Campaigners say they have decided to end their near-15 year battle, with leader Gavin Blackman predicting the development would make inevitable further house-building over Wellhouse Lane up to the A34 and Three Maids Hill junction.
Mr Blackman, chairman of the Save Barton Farm Group, said legal advice on challenging the outline planning permission for 2,000 homes was unlikely to succeed.
The costs could be upwards of £50,000, said Mr Blackman.
He said: “We could not raise the funds and there was no guarantee we would be able to. We wanted to take it forward but we could not afford to.”
“The feeling now is that Barton farm is a done deal. The decision now is whether we become Shape Barton Farm rather than Save Barton Farm. I don’t want to be part of Shape Barton Farm. I don’t care what it will look like.
“I don’t think people are clear on what the impact this is going to have. I’m disappointed and perplexed there is not more fuss being made about it.”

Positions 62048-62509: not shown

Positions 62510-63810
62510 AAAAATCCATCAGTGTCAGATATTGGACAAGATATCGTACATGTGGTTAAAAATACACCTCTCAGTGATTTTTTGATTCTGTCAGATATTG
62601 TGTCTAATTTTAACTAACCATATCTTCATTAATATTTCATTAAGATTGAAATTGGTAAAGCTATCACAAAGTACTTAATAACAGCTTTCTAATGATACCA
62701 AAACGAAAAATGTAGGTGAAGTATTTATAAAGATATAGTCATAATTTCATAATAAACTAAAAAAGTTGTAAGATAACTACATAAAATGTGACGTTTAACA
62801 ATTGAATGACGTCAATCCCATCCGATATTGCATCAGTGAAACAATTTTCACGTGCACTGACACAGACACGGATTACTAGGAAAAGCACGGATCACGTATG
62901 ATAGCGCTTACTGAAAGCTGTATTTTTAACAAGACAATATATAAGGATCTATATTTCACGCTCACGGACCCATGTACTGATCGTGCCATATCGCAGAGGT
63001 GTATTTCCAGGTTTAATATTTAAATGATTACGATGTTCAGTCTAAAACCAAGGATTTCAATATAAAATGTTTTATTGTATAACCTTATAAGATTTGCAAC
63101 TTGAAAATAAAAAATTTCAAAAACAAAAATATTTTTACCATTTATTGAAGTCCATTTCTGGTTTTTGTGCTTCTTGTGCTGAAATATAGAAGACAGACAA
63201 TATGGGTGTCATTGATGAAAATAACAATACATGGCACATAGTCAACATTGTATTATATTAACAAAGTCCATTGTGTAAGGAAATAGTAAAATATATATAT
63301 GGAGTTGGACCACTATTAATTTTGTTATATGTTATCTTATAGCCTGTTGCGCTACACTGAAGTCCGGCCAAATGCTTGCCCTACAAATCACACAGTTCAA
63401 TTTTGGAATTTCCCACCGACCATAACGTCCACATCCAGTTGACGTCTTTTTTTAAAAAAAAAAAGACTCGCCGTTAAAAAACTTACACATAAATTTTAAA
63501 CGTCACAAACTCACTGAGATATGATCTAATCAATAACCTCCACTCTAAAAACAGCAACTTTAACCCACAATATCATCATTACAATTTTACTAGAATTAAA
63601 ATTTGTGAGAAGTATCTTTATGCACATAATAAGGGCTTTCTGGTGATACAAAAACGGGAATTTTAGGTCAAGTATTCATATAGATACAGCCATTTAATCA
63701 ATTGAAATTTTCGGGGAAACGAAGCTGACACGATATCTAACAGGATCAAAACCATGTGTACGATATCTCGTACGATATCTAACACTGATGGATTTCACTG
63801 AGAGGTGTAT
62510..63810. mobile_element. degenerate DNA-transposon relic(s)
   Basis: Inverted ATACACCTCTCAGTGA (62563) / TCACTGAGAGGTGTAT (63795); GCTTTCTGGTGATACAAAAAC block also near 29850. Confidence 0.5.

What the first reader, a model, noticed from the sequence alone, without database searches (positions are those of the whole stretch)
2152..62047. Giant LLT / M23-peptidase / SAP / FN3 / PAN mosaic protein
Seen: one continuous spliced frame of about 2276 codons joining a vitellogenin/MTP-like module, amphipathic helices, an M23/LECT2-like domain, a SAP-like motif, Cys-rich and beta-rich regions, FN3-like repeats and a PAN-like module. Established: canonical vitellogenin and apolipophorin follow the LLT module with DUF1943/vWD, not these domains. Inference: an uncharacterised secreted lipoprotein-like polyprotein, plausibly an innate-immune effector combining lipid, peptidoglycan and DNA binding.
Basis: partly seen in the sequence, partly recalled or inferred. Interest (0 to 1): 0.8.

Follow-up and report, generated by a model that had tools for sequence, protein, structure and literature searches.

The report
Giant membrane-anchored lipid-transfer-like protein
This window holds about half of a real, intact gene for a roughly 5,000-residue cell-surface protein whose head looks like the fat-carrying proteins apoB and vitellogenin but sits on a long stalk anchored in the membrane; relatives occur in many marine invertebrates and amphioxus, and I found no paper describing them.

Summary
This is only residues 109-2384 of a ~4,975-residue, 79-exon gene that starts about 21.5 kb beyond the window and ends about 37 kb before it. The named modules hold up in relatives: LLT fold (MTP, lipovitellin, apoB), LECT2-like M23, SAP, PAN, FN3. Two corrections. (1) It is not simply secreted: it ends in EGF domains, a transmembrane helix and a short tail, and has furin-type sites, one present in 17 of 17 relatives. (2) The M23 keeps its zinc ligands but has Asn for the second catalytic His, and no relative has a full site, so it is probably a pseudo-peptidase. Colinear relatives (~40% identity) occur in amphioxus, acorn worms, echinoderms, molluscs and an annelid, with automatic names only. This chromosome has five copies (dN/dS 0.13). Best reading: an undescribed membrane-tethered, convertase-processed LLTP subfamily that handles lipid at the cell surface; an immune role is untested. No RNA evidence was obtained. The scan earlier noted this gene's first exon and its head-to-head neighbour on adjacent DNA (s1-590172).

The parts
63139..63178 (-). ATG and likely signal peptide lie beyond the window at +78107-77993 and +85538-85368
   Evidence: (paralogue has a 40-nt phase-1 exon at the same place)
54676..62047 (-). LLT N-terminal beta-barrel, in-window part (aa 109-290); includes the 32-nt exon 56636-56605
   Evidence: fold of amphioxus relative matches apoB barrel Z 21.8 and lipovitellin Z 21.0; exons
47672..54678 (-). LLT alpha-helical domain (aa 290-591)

On Barton Farm Two, he said: “It will go further. The infrastructure will be there. There is nothing to stop it going further north.”
Mr Blackman said he was still interested in national lobbying to alter Government policy to encourage more brownfield development.
Mike Emett, development director at Cala Homes, said: “I’m pleased we will now be able to get on and deliver the housing the city desperately needs.”
Some 800 of the 2,000 homes will be social housing available for rent by people on the city council waiting list.
Cala expects to undertake a public consultation in January before it submits a detailed planning application in the middle of 2013.
Mr Emett said he hoped to be building by spring 2014.